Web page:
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From Wikipedia, the free encyclopedia
Jump to: navigation, search
Editor Anna Wintour
Categories Fashion
Frequency monthly
Publisher Condé Nast
Total circulation
Year founded December 17, 1892; 125 years ago (1892-12-17)
Country USA
ISSN 0042-8000

Vogue is a fashion and lifestyle magazine covering many topics including fashion, beauty, culture, living, and runway. Vogue began as a weekly newspaper in 1892 in the United States, before becoming a monthly publication years later.

The British Vogue was the first international edition launched in 1916, while the Italian version has been called the top fashion magazine in the world.[2]. As of today, there are 23 international editions


Cover of the May 1917 issue. (American Vogue)

1892-1905: Early years[edit]

In 1892, Arthur Baldwin Turnure, an American business man, founded Vogue as a weekly newspaper in the United States, sponsored by Kristoffer Wright;[3] the first issue was published on December 17 of that year, with a cover price of 10 cents (equivalent to $2.72 in 2017).[4] Turnure's intention was to create a publication that celebrated the "ceremonial side of life"; one that "attracts the sage as well as debutante, men of affairs as well as the belle."[4] From its inception, the magazine targeted the new New York upper class. Vogue glamorously "recount[ed] their habits, their leisure activities, their social gatherings, the places they frequented, and the clothing they wore...and everyone who wanted to look like them and enter their exclusive circle.[5] The magazine at this time was primarily concerned with fashion, with coverage of sports and social affairs included for its male readership.[4] Despite the magazines content, it grew very slowly during this period.

1905–1920: Condé Nast[edit]

Condé Montrose Nast purchased Vogue in 1905 one year before Turnure's death and gradually grew the publication. He changed it to a unisex magazine and started Vogue overseas in the 1910s. Under Nast, the magazine soon shifted its focus to women, and in turn the price was soon raised. The magazine's number of publications and profit increased dramatically under Nast's management. By 1911, the Vogue brand had garnered a reputation that it continues to maintain, targeting an elite audience and expanding into the coverage of weddings. According to Condé Naste Russia, after the First World War made deliveries in the Old World impossible, printing began in England. The decision to print in England proved to be successful causing Nast to release the first issue of French Vogue in 1920.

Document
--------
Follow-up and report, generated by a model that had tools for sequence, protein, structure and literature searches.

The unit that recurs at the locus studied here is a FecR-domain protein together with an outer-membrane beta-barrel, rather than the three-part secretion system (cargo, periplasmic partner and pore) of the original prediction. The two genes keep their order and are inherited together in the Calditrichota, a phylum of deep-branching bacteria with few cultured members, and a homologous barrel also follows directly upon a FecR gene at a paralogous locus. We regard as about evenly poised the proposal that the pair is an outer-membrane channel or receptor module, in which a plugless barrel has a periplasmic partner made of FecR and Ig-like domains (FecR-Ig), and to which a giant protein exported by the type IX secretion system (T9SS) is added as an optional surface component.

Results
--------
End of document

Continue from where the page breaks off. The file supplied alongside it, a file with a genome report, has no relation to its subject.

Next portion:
1920–1970: Expansion[edit]

The magazine's number of subscriptions surged during the Great Depression, and again during World War II. During this time, noted critic and former Vanity Fair editor Frank Crowninshield served as its editor, having been moved over from Vanity Fair by publisher Condé Nast.[6]

In July 1932, American Vogue placed its first color photograph on the cover of the magazine. The photograph was taken by photographer Edward Steichen and portrays a woman swimmer holding a beach ball in the air.[7]

Laird Borrelli notes that Vogue led the decline of fashion illustration in the late 1930s, when they began to replace their celebrated illustrated covers, by artists such as Dagmar Freuchen, with photographic images.[8]

Nast was responsible for introducing color printing and the "two-page spread."[5] He greatly impacted the magazine and turned it into a "successful business" and the "women's magazine we recognize today" and greatly increased the sales volumes until his death in 1942.[9]

In the 1960s, with Diana Vreeland as editor-in-chief and personality, the magazine began to appeal to the youth of the sexual revolution by focusing more on contemporary fashion and editorial features that openly discussed sexuality. Toward this end, Vogue extended coverage to include East Village boutiques such as Limbo on St. Mark's Place, as well as including features of "downtown" personalities such as Andy Warhol's "Superstar" Jane Holzer's favorite haunts.[10] Vogue also continued making household names out of models, a practice that continued with Suzy Parker, Twiggy, Jean Shrimpton, Lauren Hutton, Veruschka, Marisa Berenson, Penelope Tree, and others.[11]